Designing and conducting experiments involving human participants requires a skillset different from that needed for statistically analyzing the resulting data.
The Design and Conduct of Meaningful Experiments Involving Human Participants combines an introduction to scientific culture and ethical mores with specific experimental design and procedural content.
Author R. Barker Bausell assumes no statistical background on the part of the reader, resulting in ahighly accessible text.
Clear instructions are provided on topics ranging from the selection of a societally important outcome variable to potentially efficacious interventions to the conduct of the experiment itself. Early chapters introduce the concept of experimental design in an intuitive manner involving both hypothetical and real-life examples of how people make causal inferences.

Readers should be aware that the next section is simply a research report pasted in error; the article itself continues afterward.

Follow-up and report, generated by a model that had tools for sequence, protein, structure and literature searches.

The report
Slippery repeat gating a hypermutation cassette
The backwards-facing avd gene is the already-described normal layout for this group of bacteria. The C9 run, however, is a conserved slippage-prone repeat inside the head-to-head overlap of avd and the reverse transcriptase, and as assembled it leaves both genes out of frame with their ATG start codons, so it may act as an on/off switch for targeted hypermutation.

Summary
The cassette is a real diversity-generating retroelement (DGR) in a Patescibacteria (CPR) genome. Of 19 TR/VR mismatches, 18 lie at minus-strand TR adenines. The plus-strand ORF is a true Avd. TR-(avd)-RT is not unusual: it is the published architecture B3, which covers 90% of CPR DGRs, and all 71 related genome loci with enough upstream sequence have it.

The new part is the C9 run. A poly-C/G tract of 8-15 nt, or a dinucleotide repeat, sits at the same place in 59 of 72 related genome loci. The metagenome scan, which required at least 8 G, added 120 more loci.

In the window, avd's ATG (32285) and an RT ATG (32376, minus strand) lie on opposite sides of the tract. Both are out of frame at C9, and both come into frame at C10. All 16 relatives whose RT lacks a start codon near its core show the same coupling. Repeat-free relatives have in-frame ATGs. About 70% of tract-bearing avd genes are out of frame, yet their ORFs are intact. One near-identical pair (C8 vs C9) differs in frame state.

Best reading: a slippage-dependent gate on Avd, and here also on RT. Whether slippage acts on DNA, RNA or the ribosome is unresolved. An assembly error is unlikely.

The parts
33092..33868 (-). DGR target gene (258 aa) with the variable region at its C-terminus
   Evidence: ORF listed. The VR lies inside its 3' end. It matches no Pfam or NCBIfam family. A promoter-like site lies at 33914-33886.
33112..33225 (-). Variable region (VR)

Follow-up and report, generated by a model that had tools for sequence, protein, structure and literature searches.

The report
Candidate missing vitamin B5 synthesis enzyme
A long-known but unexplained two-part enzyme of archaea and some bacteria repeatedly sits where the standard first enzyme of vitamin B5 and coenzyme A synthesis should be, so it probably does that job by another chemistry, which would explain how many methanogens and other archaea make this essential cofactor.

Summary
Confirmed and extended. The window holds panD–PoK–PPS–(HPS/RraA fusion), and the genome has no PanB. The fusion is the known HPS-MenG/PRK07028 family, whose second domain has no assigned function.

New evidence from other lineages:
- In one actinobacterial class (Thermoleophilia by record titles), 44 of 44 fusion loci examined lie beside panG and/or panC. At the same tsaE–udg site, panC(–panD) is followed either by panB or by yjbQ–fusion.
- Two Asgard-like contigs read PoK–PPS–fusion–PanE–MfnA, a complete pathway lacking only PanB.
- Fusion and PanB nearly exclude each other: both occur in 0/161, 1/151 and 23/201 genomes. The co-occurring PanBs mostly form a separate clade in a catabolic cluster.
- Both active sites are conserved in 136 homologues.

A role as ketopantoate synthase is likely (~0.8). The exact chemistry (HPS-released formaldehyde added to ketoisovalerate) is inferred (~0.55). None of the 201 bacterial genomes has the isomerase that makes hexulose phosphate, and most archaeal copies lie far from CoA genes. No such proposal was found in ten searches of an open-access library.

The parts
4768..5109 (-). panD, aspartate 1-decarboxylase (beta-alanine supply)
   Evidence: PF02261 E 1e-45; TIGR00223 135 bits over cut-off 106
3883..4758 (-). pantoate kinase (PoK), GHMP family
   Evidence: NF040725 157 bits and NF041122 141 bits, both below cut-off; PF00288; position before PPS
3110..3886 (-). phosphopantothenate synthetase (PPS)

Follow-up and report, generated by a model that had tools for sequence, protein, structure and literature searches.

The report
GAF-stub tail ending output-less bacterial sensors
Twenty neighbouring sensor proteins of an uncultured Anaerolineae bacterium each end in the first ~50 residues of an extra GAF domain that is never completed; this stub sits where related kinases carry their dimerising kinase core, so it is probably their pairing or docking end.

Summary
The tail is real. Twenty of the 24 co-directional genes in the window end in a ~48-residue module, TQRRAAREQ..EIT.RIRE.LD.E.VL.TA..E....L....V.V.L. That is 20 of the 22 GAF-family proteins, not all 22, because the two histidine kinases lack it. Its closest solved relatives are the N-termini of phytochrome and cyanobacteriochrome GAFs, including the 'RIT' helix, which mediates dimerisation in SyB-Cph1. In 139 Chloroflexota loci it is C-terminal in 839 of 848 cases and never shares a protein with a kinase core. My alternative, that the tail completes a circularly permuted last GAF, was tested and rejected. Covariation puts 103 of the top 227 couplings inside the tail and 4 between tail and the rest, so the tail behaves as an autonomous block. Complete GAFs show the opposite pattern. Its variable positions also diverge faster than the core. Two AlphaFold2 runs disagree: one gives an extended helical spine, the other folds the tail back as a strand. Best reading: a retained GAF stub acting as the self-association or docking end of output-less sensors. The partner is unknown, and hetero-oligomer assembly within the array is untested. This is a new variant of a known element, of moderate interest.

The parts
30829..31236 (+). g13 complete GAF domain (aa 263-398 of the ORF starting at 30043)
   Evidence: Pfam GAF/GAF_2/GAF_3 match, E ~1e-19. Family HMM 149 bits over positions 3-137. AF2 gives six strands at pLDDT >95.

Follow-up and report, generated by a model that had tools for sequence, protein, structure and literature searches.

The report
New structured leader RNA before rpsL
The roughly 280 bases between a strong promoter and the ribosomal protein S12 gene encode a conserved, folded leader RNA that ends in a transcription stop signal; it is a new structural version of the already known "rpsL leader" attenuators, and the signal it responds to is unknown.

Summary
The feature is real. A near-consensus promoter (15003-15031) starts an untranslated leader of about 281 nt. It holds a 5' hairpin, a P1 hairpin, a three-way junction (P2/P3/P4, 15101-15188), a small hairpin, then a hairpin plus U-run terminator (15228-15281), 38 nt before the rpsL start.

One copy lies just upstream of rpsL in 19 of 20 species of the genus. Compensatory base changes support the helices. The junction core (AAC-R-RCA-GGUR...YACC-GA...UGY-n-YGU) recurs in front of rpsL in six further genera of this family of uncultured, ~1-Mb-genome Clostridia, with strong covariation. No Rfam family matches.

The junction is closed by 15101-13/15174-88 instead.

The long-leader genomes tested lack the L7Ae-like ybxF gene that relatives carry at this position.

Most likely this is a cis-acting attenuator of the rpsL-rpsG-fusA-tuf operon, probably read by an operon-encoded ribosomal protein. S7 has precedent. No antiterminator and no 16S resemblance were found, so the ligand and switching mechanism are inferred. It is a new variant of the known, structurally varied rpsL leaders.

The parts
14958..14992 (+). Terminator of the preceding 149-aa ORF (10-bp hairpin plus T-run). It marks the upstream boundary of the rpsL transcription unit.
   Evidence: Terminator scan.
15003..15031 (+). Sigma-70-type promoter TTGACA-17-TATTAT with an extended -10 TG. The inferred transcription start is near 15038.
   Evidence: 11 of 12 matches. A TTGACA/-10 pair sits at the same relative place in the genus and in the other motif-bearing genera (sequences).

The fundamentals of formal experimentation, randomization, and the use of control groups are introduced in the same manner, followed by the presentation and explanation of common (and later, more advanced) designs.
Replete with synopses of examples from the journal literature and supplemented by 25 experimental principles,this book is designed to serve as an interdisciplinary supplementary text for research-methods courses in the educational, psychological, behavioral, social, and health sciences.
It also serves as an excellent primary text for methods seminar courses.